Mary Ann Shadd Cary in the Here and Now 2021 Calls for Proposal
The Colored Conventions Project and the Center for Black Digital Research in partnership with Dr. Kristin Moriah at Queen’s University open the call for proposals (CFP) on the topic, “Mary Ann Shadd Cary in the Here and Now.”
This Call for Proposals seeks essays for the first edited collection on pioneering thinker Mary Ann Shadd Cary, who broke barriers in journalism, law and political activism in Canada and the United States. They are in search of innovative scholarly work from a broad range of inter/disciplinary perspectives including but not limited to historical, literary, gender, ecological, bibliographical, visual, sound, and performance studies.
They aim to work across scholarly boundaries of nineteenth-century Black feminist inquiry in North America. Papers chosen for collection will first be presented at a virtual symposium in October, 2021 hosted by Queens University and the Center for Black Digital Research/#DigBlk at Penn State University.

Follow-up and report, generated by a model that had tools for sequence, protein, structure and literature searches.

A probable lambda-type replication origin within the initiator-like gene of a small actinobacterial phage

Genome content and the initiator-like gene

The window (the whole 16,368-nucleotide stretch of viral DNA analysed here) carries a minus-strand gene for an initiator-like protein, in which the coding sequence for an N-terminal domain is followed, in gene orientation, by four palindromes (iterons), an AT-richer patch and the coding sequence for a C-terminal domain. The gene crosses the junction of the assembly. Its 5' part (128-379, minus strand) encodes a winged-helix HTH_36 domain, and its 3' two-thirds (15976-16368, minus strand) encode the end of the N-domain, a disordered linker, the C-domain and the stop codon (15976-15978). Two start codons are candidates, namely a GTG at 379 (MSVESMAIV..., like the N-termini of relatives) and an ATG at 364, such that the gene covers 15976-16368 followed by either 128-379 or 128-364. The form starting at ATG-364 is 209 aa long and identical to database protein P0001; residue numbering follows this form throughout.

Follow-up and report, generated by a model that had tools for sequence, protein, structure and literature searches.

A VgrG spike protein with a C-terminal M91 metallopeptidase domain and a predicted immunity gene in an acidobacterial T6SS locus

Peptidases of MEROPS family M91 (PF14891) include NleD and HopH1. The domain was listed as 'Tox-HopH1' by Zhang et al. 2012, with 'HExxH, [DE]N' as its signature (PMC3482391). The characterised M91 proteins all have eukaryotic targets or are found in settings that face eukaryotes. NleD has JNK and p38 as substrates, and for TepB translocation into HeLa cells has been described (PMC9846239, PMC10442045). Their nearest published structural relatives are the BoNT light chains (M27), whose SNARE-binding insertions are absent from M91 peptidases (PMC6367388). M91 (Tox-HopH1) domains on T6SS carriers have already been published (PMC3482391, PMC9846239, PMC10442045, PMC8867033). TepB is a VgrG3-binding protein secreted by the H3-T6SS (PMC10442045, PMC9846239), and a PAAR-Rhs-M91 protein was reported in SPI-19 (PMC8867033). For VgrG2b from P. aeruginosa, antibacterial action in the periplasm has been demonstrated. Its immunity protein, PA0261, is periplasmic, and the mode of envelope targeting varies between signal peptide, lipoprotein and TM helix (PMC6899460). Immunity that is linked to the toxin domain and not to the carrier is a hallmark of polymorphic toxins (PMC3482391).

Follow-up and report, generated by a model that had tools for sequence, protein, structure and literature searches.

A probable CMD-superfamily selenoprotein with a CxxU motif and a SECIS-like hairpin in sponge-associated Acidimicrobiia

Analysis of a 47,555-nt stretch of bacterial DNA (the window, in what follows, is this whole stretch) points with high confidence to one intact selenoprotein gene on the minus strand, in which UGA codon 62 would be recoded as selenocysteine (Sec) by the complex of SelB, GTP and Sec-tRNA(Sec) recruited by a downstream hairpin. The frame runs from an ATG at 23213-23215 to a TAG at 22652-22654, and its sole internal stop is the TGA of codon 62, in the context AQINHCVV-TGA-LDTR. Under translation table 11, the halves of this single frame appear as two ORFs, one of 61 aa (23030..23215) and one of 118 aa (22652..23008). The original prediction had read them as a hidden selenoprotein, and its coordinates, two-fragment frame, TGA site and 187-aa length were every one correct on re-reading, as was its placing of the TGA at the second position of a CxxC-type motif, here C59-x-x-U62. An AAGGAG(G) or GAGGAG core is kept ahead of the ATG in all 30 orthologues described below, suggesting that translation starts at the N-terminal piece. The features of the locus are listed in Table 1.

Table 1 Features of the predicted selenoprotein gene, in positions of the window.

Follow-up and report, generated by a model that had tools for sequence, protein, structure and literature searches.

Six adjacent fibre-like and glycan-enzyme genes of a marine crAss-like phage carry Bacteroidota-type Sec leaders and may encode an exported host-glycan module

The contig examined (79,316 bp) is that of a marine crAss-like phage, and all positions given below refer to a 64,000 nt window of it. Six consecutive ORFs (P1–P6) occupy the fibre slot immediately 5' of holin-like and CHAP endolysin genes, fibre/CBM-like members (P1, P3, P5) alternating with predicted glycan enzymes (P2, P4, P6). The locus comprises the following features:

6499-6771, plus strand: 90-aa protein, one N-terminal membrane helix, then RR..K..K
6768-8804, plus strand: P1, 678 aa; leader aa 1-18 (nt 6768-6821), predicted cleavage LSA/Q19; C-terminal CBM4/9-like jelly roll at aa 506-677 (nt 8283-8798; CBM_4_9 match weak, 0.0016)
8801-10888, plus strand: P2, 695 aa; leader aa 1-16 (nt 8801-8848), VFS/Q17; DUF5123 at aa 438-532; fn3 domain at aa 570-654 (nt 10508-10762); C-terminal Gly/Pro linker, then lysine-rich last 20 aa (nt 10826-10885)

Open to projects that explore Mary Ann Shadd as they relate to:
- Archival Studies
- Activism and organizing
- Arts-based research
- Black feminist editorship, bibliography, and print culture
- Black geographies and spatial practices
- Citizenship and belonging in Upper Canada, Delaware, Ontario, the United States and/or Washington, D.C.
- Community engagement in Canada and the U.S.
- Cultural criticism
- Digital Humanities
- Education and pedagogy
- Family circles and trees
- Transnational migration
- Legal studies
- Public speech acts and oratory
- Philosophy and religion
Proposals should include a description of the proposed paper (500 words) and a brief CV (no more than 3 pages) submitted via the online form.
Applicants will be notified by June 1, 2021. Full papers will be submitted by September 1, 2021 for pre-circulation before the symposium—with a tight deadline for revisions shortly thereafter so the book will be ready for the 200th anniversary of Mary Ann Shadd Cary’s birth in 2023.
For more information, visit Colored Conventions Project.